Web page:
Metal Is Alive: The Anima Effect are Bringing New Blood
Starting a new band is like rolling a pair of dice. But like Sgt. Pepper, you get by with a little help from your friends. Guitarist Trevor Roberts, and drummer Trevor Gill, have been playing together in Redding, California’s metal-scene for years; writing songs and toying with various lineups. And after years of work and experimenting, they’ve founded The Anima Effect, which will attack The Bamboo Room in Medford on Sun., November 19.
“We did our first couple of shows in August and they went really well,” says Roberts. “Our first show was in Redding; we weren’t expecting a big turnout. All the people in the scene who have known us for years came out. It was pretty cool. We know everyone in the scene.”
Playing on the road is a different animal; music and the realities of life are not always mutually exclusive.
“We work full-time and all have our own places, so it’s hard to take time off work,” says Roberts. “It’s hard to get in more than three or four shows.”
Having a vibrant music scene in your hometown is always a blessing, but bursting out of that bubble and onto the road is always uncertain. Roberts is level headed and is wisely cautious about over extending the band’s commitments.
“We don’t know what the crowd is like,” says Roberts. “Our style is not for everyone; we’re not your typical metal band. We aren’t expecting much because people don’t know us. We are just trying to get the album out there.”
The Anima Effect’s debut album, Upheaval, embodies the overall virtuosity and viewpoint of the band. It features guitarist Trevor Roberts, drummer Trevor Hill, guitarist Brandan Hinkle, bassist John Burns, vocalist Chandler Tinder, and synth/sample/vocalist Brandon Hadix.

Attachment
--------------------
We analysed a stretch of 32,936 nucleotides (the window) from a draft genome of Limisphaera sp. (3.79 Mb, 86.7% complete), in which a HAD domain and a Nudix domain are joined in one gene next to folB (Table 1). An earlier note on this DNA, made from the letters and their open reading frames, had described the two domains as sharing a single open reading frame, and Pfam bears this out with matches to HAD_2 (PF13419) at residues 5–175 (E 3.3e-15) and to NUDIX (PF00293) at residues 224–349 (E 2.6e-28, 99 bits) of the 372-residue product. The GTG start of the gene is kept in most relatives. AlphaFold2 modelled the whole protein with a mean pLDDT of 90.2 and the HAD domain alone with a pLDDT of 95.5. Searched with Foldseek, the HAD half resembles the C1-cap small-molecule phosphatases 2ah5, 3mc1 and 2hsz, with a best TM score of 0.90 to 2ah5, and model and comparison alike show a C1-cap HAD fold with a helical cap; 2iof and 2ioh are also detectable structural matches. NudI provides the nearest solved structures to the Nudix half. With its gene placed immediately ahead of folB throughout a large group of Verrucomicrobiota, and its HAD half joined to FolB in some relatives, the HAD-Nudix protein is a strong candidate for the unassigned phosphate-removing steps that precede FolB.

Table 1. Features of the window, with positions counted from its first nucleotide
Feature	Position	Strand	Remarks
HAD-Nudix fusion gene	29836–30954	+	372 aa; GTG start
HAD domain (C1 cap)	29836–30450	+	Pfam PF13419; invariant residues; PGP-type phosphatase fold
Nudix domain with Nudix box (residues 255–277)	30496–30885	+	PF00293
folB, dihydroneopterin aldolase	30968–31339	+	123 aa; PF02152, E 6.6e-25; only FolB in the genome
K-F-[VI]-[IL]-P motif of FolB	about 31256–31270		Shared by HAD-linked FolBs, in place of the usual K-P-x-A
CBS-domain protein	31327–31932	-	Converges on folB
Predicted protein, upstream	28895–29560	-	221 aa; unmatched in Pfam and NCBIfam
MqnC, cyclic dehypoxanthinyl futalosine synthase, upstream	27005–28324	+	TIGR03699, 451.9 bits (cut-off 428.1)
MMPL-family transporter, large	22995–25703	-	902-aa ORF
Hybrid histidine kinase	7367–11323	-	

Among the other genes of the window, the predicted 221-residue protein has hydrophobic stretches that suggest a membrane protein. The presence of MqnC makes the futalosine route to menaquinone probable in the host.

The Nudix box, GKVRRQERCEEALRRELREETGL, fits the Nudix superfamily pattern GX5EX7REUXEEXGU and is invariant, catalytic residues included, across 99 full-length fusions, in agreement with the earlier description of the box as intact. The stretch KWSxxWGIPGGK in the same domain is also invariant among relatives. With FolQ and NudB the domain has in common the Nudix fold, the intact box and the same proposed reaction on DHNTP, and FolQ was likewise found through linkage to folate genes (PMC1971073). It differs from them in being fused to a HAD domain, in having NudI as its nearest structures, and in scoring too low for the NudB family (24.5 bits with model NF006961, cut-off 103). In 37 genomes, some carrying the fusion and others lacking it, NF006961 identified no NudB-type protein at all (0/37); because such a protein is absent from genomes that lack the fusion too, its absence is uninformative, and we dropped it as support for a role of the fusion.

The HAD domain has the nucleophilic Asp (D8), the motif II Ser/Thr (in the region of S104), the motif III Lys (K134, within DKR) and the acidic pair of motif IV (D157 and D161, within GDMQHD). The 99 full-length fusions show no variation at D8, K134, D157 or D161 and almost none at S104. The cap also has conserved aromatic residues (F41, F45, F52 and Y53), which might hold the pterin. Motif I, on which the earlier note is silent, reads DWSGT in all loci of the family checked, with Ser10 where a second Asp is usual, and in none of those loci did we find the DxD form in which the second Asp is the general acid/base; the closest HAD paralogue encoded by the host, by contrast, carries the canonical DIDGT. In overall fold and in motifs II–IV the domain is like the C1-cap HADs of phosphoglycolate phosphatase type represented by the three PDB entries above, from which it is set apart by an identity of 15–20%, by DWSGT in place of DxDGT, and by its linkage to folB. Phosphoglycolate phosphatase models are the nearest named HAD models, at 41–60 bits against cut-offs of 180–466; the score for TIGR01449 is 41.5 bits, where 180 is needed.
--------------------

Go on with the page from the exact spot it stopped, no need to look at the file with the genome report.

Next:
“I like to encourage people to be proactive in their lives,” says Roberts. “You are responsible for your own perspective so take action. Whether it’s play music or leave your shitty divorce.”
But The Anima Effect are primarily a live band. Trevor Roberts and company, have gotten their chops by playing in front of a crowd. The philosophy is there for those who want to listen. But the overall energy of the music is more important to the band, than making a statement.
“I don’t care; people can think what they want,” says Roberts. “We are entertainers; we want to put on a show. What the art is about, is anti-status quo. Not violence, but a spiritual revolution. Like I said, at the end of the day our music isn’t all about the message; it isn’t super important. I’m not trying to get some sixteen year old kid to care about politics.”
The Anima Effect with The Sole Pursuit
7 pm Sun., November 19
The Bamboo Room, 1182 Court St., Medford